External Affairs

US Embassy in India Condemns Murder of Gauri Lankesh

This is the first time in several years that the US embassy has reacted to an incident in which an individual has been targeted.

Gauri Lankesh. Credit: Twitter

Gauri Lankesh. Credit: Twitter

New Delhi: In an unusual move, the US embassy in India has condemned the killing of journalist Gauri Lankesh, expressing solidarity with supporters of press freedom.

Lankesh, a fierce votary of freedom of thought and against rising intolerance, was shot dead on Tuesday night at her home.

On Wednesday, US embassy issued a statement:

The U.S. Mission in India joins advocates of press freedom in India and world-wide in condemning the murder of respected journalist Gauri Lankesh in Bengaluru.  We offer our sincere condolences to the family, friends, and colleagues of Ms. Lankesh.

The statement is significant as this is the first time in several years that the US embassy has reacted to an incident in which an individual has been targeted. Till now, the US embassy has given statements in reaction to terror attacks, but none on such an attack on freedom of expression in India.

US ambassadors have always given strong statements on attacks on freedom of the press in other countries in the neighbourhood, from Maldives to Bangladesh – but have refrained from doing so in India.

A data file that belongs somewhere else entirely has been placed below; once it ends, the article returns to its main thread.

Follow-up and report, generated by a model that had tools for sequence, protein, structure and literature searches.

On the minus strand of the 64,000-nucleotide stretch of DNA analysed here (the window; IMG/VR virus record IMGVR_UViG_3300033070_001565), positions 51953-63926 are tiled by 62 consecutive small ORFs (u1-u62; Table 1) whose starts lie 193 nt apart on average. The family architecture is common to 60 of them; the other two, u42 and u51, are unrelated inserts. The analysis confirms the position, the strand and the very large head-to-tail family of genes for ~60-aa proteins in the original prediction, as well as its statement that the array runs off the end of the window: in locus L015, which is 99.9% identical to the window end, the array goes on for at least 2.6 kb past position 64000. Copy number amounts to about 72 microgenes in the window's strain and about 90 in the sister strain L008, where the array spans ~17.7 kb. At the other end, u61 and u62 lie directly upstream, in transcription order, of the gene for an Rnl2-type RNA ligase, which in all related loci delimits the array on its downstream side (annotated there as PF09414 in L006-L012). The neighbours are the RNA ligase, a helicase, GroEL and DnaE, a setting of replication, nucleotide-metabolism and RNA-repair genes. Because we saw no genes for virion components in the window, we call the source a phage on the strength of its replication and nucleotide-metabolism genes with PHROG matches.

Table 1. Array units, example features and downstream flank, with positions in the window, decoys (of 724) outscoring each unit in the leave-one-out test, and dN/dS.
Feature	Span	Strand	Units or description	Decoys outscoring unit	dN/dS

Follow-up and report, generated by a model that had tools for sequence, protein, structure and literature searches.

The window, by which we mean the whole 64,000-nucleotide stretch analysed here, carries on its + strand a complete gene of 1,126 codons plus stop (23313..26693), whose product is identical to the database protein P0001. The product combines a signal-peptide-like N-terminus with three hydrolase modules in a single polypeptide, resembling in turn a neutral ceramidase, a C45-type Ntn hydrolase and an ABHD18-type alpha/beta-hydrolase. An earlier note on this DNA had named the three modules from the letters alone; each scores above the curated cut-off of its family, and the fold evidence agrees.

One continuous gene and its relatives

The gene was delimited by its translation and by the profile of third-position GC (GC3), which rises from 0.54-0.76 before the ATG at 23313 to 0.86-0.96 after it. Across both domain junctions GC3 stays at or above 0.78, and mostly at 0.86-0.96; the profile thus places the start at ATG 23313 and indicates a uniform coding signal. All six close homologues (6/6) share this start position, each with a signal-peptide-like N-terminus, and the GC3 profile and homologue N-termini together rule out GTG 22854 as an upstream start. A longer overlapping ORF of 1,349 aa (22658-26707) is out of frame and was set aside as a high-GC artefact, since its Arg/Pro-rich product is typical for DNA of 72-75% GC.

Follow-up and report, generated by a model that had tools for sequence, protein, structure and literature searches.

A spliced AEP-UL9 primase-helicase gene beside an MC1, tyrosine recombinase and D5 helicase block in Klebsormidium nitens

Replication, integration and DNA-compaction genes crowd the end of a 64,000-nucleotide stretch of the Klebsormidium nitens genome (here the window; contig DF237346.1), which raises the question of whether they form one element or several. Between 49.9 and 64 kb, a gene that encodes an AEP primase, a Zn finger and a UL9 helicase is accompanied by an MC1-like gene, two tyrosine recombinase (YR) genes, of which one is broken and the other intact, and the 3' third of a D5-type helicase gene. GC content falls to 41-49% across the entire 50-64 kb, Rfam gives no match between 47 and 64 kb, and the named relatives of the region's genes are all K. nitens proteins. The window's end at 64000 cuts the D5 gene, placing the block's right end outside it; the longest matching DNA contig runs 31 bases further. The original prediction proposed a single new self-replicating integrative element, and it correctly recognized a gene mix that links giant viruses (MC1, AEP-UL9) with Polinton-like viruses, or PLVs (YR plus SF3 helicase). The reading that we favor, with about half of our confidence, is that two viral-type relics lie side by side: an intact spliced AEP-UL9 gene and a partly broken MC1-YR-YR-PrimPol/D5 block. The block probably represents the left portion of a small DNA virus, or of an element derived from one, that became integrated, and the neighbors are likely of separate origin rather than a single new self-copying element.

In February 2016, then US ambassador to India Richard Verma had advocated that free speech was the key tenet of democracies like India and US.

When asked about his opinion on the row at Jawaharlal Nehru University, he asserted that diversity of thought was a great attribute of India.

“Ultimately this is a question for Indian society to resolve. It is one of the great hallmarks of India and US to have this diversity of thought and diversity of speech and the fact is we are constitutional democracies, where speech is a central tenet of what we hold dear,” he said.

Despite making a rather vague statement, then Union parliamentary affairs minister Venkaiah Naidu hit back at Verma, asking whether the US would tolerate any campus marking “Osama bin Laden’s martyrdom anniversary”.